That addresses the CPU component of Ice Lake. What about the GPU? Here, the news is much more positive.
In Rise of the Tomb Raider Low, ICL can maintain 40fps at 1366×768 and 26fps at 1920×1080. Interestingly, giving the system more headroom for power took the score down, not up at 768p and held it constant in 1080p. AMD’s lower-end Vega 8 does not compete well here, and while Vega 11 would provide some additional GPU headroom, it’s unlikely to completely close the gap. Only the MX150 and MX250-equipped laptops, with Nvidia GPUs, beat out Intel’s integrated graphics.
Tom Clancy’s Rainbow Six: Siege is impressive, with equal performance between the 15W and 25W CPUs. Again, only the MX150 and MX250 exceed Intel’s integrated performance. AMD’s Vega 8 turns in playable performance at 1366×768 but doesn’t meet the minimum 30fps threshold we consider minimum for 1080p gaming.
All of the GPU figures basically follow this pattern. You’ll see AMD hold its ground better in some than others, but Intel is ahead on the whole. Vega 11 would improve these results, but likely not by enough to change the outcome in most games.
Implications and Conclusion
In our earlier coverage written today, I implied that one reason for Intel’s lower CPU clocks might be because Intel used a larger amount of TDP to provide GPU performance. While there’s probably some truth to this, the 15W-25W performance pattern is different for CPUs compared with GPUs. Moving from 15W to 25W almost always improves CPU performance. Moving from 15W to 25W improves synthetic GPU benchmark performance on ICL, but has a weaker impact on actual games. Only World of Tanks enCore appears to respond strongly to the additional TDP headroom, suggesting that in most cases, that additional wattage isn’t going to the GPU — it’s being used to accelerate the CPU.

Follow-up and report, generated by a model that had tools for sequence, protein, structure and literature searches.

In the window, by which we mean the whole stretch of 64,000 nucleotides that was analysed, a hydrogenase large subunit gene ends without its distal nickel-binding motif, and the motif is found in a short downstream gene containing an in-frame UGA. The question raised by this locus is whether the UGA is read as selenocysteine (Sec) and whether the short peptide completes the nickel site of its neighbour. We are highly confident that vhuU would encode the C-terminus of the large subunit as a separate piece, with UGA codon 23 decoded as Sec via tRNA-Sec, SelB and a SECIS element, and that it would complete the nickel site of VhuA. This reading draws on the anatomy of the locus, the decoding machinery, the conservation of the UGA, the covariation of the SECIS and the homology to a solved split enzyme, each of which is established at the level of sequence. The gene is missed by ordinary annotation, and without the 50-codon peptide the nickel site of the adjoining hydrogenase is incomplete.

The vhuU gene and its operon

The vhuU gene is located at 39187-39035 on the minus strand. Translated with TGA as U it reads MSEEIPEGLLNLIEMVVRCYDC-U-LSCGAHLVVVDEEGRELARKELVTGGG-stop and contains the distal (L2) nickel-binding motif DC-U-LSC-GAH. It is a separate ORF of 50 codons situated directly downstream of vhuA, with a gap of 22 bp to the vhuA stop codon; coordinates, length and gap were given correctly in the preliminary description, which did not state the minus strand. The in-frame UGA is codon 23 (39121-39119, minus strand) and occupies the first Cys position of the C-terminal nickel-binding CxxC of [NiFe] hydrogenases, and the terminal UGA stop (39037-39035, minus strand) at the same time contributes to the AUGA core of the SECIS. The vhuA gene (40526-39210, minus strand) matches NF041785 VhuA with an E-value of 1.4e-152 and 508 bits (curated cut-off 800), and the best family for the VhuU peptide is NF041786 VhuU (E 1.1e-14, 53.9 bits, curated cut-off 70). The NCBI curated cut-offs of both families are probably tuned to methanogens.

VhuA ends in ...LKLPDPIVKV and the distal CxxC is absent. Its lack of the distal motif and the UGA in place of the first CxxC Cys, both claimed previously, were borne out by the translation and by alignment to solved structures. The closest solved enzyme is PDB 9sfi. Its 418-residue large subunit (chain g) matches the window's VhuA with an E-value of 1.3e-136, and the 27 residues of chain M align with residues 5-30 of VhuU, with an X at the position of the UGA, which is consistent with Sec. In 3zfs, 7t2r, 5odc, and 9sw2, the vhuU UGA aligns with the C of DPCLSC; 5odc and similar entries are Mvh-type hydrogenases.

Gains for Ice Lake relative to Whiskey Lake are fairly anemic, though this can vary dramatically depending on which Whiskey Lake system you own now. When there’s a 10-15 percent variance between different systems equipped with the same processor, that’s obviously going to impact how ICL compares. Overall, we’d say Ice Lake is comparable to Whiskey Lake — sometimes faster, sometimes slower, but rarely dramatically distinguishing itself one way or the other.
The GPU improvements, on the other hand, are enormous. Assuming that the Ryzen 7 3700U and 3500U are a relatively modest improvement on their predecessors, AMD will need to have 7nm APUs in-market to take ICL on. We have no timeline on when that may happen. Of course, AMD is currently focused on the desktop and server spaces, which means we don’t even know when Intel’s 10nm silicon will face off against AMD’s 7nm in-market.
The third pillar is power consumption and battery life, and we don’t know yet how ICL compares on these metrics; Intel forbid testing the sample laptop for such things. Right now, Ice Lake delivers massive improvements in one area, settles for small gains to small losses in another, and offers an unknown level of improvement in the third. Gamers who want some ability to play on thin-and-lights should be the major beneficiaries of the improvements we’ve seen thus far. If this performance holds, AMD will either need to hit back at Intel on 7nm or see its long domination of the integrated mobile GPU market finally fall — which isn’t honestly a sentence I used to think I’d ever type.